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Stretch-A-Family

Trauma in Children Part 2

The brain changes its structure and function in response to experiences, both good and bad. It is a bit like training muscles…

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Can children’s brains heal from trauma?

In Part 1 of this series on Trauma in Children, we explained what developmental trauma is, and the way it changes children’s brains. The good news, however, is that while developmental trauma will always have a bad impact on a child’s brain, the brain is not like concrete. It is plastic or pliable, and it is still developing right into adulthood.

The brain changes its structure and function in response to experiences, both good and bad. It is a bit like training muscles: when you exercise your muscles they will get stronger, but if you do not use your muscles, they will get smaller & weaker. Parts of the brain will grow or shrink depending on how often we use them. They are trained by regular experiences. The brain of a child who went through developmental trauma will expect bad things, but when they experience ongoing safety and love, they will adjust to feeling safe and begin to expect good things. Their brain will learn, or be trained into, new ways to function.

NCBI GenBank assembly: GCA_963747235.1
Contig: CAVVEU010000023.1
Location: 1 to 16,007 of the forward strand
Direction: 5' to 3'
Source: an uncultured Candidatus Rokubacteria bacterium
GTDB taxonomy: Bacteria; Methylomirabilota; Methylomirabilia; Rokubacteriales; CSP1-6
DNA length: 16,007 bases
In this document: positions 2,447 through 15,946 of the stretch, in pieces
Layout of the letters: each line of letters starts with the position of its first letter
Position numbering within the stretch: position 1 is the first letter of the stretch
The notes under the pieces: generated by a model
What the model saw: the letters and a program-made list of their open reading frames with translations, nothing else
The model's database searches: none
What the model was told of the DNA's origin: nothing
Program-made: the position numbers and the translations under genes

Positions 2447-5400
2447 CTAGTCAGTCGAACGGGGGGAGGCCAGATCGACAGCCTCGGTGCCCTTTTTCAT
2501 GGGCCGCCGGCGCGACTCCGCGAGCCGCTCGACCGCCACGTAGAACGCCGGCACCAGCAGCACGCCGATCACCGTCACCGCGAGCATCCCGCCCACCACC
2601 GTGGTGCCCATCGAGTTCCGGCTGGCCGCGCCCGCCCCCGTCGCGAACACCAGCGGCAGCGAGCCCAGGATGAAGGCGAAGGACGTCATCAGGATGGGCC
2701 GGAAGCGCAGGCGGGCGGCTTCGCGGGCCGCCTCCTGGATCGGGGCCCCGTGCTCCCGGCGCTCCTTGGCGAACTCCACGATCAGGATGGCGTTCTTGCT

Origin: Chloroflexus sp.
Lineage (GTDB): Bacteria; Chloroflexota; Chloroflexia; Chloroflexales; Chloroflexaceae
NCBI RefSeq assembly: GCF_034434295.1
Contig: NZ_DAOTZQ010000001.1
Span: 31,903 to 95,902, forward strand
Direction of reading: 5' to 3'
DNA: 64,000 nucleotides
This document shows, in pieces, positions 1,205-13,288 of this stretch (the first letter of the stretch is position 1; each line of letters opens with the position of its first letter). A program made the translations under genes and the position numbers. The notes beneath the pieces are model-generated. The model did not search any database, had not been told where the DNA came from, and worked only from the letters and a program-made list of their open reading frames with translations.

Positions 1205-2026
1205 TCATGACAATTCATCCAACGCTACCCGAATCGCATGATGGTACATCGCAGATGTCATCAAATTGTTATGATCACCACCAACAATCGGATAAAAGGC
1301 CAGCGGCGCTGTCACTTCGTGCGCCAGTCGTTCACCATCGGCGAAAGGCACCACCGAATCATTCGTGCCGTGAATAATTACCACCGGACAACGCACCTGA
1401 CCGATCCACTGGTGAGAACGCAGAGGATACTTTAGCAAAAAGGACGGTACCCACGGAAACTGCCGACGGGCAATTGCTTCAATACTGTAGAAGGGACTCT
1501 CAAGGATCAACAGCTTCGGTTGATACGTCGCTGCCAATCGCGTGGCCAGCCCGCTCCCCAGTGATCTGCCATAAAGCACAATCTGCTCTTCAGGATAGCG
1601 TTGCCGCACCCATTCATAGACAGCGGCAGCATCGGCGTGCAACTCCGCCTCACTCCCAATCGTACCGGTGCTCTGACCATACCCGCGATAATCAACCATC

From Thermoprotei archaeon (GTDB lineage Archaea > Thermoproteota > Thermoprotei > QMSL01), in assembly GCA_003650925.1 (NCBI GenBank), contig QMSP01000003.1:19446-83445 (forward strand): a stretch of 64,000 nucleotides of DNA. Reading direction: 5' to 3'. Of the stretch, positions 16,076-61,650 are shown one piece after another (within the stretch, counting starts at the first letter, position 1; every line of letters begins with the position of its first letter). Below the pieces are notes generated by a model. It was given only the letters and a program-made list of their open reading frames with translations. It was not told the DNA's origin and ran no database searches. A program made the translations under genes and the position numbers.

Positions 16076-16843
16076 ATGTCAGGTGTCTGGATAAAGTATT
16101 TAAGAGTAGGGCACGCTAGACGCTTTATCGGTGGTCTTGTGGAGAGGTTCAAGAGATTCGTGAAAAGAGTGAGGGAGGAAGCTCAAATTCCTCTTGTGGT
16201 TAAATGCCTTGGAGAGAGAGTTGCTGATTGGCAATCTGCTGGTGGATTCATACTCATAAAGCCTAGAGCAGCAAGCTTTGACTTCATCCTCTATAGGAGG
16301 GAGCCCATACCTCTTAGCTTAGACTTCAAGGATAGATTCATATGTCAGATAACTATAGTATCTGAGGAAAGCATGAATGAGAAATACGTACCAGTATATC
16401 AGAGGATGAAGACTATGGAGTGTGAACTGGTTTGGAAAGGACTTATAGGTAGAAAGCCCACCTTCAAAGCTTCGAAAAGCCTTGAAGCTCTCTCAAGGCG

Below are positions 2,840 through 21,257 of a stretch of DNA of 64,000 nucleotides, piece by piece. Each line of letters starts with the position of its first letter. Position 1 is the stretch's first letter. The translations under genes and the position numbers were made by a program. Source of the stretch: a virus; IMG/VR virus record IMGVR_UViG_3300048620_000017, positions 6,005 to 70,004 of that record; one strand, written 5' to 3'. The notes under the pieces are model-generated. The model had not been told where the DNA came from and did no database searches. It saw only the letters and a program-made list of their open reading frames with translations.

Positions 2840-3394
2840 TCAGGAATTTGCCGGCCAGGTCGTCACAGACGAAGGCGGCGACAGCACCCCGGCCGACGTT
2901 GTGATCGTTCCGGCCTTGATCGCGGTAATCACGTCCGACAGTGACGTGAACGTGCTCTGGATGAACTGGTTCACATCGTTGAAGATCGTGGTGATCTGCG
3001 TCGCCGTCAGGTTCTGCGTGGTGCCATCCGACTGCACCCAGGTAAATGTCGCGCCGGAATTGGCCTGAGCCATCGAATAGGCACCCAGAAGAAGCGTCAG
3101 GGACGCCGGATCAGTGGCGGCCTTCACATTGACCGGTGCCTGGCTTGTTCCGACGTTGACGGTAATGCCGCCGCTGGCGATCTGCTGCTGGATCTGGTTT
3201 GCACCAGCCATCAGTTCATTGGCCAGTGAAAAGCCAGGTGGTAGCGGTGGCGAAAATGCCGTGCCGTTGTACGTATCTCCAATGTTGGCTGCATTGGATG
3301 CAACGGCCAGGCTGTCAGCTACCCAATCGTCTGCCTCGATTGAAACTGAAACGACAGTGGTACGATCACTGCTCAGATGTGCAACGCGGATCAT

Relationships are critical in creating safety and positive change.

Abusive or neglectful relationships have harmed these children, and loving, connected relationships will heal them too. In foster care the supportive, caring relationships with carers and caseworkers physically create new pathways in the child’s brain in an unconscious healing process!

Scientific knowledge about the impact of developmental trauma on brain development directs what we do and the services we offer at SAF, hence the term ‘trauma-informed’. We know that the way a child in care responds may often be due to their developmental trauma. Their brain has been shaped by their traumatic experience, and there are behavioural effects. What SAF and our carers aim to do is provide stable, predictable conditions to help the child to feel safe and to trust: a loving home functioning as a therapeutic relational environment.

In our next post, we will explore trauma-informed care further.